Crime and justice chart of the week

Chart: In serious cases, justice is often slow

Some serious crime investigations are surprisingly quick: half of murder prosecutions involve a suspect being charged in five days or fewer. But for many serious crimes, justice is often slow: half of fraud prosecutions don’t conclude until almost two years after the crime occurred.

Chart: Some police forces are much more likely to prosecute violence

Once police have enough evidence to prosecute an offender, they or prosecutors must decide whether to send the case to court or deal with it informally. For violent crimes, the likelihood of a case going to court varies substantially across police forces, with some prosecuting over 80% of cases and others diverting two thirds to other resolutions such as paying compensation.

Chart: No big changes in sentences after new police-assaults law

The government recently doubled the maximum sentence for assaulting a police officer to 12 months in prison, introducing a new offence of assaulting an emergency worker. So far, this change is associated with only small increases in sentences handed down in court.

Chart: England & Wales has highest per-capita prison population in Western Europe

While Turkey has Europe’s highest imprisonment rate, England and Wales locks up more people per 100,000 population than any other western European country. larger image | annotated R code to produce this chart

Chart: 73% of victim-based crime is not reported to police

Of the 10.9 million crimes which individual adults aged 16 years and over experienced in the past year, only 27% were reported to the authorities. Reporting rates vary substantially, with more-serious crimes more likely to be reported.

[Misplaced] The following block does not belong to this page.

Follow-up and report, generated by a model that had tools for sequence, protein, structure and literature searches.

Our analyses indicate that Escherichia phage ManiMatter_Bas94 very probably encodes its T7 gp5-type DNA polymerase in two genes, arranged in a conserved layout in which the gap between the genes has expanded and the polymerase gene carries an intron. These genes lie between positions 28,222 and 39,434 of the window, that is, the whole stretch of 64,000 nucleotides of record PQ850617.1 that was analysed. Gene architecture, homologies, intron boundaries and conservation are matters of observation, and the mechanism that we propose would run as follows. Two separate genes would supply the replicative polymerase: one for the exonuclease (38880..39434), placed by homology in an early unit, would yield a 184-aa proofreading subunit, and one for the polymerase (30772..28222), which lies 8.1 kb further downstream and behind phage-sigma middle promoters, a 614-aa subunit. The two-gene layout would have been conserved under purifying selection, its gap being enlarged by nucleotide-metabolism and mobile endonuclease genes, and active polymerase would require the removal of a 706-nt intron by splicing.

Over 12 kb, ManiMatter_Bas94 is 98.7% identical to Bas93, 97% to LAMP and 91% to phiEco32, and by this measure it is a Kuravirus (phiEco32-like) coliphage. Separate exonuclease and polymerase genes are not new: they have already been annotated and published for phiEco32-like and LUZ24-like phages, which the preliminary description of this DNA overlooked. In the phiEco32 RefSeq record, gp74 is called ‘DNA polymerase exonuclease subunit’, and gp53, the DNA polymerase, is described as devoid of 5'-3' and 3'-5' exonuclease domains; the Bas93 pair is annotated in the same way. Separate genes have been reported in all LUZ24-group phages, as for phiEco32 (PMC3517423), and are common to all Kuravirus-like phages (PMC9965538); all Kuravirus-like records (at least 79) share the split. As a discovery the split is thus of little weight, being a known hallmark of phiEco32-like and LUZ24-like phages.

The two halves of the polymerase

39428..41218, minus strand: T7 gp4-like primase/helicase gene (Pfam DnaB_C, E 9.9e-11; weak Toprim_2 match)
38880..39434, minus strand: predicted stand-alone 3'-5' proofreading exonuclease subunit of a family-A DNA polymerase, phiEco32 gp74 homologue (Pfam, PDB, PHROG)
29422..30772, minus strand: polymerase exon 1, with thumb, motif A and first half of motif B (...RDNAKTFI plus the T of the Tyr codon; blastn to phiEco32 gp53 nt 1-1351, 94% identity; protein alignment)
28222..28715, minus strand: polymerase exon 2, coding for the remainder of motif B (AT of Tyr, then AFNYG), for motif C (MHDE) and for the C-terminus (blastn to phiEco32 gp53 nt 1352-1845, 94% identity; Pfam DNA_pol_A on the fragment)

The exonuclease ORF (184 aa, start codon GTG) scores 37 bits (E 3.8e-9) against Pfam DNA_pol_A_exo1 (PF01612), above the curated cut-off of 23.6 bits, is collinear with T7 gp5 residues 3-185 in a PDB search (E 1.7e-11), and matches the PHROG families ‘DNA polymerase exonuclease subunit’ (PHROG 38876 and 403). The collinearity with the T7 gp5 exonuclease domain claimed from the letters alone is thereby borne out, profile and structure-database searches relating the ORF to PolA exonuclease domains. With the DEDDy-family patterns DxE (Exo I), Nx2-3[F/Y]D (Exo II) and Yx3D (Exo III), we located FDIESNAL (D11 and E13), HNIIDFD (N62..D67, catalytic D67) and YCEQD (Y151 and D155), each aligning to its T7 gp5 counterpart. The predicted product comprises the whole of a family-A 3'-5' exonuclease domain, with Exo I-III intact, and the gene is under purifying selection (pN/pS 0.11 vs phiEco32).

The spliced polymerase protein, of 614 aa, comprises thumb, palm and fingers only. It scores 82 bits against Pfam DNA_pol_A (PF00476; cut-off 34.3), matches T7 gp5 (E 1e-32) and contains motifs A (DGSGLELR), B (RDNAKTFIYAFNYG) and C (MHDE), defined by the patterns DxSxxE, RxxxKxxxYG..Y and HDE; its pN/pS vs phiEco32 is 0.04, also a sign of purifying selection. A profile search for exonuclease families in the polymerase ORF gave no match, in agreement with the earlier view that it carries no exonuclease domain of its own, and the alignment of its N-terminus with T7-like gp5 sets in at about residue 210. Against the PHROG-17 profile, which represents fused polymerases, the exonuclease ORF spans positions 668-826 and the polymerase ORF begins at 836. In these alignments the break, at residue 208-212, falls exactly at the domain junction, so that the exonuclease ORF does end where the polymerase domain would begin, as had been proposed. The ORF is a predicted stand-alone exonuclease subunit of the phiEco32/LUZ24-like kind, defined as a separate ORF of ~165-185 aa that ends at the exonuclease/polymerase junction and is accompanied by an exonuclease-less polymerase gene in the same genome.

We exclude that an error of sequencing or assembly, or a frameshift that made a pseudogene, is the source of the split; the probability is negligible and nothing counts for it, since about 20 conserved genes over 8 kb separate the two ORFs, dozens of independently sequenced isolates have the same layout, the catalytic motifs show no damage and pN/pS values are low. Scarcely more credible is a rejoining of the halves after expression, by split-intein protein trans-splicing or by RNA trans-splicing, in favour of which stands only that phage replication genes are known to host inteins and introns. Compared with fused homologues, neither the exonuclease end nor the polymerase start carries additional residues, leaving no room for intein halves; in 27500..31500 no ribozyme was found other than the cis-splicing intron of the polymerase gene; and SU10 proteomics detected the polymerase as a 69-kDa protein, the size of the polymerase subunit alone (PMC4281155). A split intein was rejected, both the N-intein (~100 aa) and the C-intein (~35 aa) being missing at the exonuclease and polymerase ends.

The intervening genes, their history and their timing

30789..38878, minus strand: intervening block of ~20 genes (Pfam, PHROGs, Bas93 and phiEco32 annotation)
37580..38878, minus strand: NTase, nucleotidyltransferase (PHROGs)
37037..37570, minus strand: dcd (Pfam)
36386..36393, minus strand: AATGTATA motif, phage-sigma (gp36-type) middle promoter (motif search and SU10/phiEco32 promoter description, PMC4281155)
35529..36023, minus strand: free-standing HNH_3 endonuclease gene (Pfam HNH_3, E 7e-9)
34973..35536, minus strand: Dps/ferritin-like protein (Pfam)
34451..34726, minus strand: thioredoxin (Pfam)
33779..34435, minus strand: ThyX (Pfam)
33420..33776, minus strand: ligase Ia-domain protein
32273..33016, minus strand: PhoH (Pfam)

Chart: Stop and search has fallen, arrests from searches less so

Police can search people they suspect of having prohibited items such as drugs or weapons. Since 2011, searches have decreased by 70%. Only 12% of searches lead to arrest, but this is increasing – total arrests from searches have decreased only 38% since 2011, suggesting police are getting better at targeting offenders.

Chart: Stop and search has fallen, arrests from searches less so

Police can search people they suspect of having prohibited items such as drugs or weapons. Since 2011, searches have decreased by 70%. Only 12% of searches lead to arrest, but this is increasing – total arrests from searches have decreased only 38% since 2011, suggesting police are getting better at targeting offenders.

Chart: Homicides haven't only increased in Britain

The homicide-rate increase over the past five years hasn’t been unique to England and Wales, with murders also increasing in France, Germany and Sweden after continent-wide decreases since the 1990s.

Chart: Police crackdowns catch few drink drivers

Police routinely breathalyse drivers they suspect have been drinking, but also carry out an annual Christmas crackdown, breath-testing more than three times as many drivers in December as in other months.

Chart: 10 times more people die in police collisions than in shootings

About 100 people a year die following contact with police in England and Wales. Public debate has often focused on deaths in custody or police shootings, but people are much more likely to die in collisions with police vehicles or in suicides following release from custody.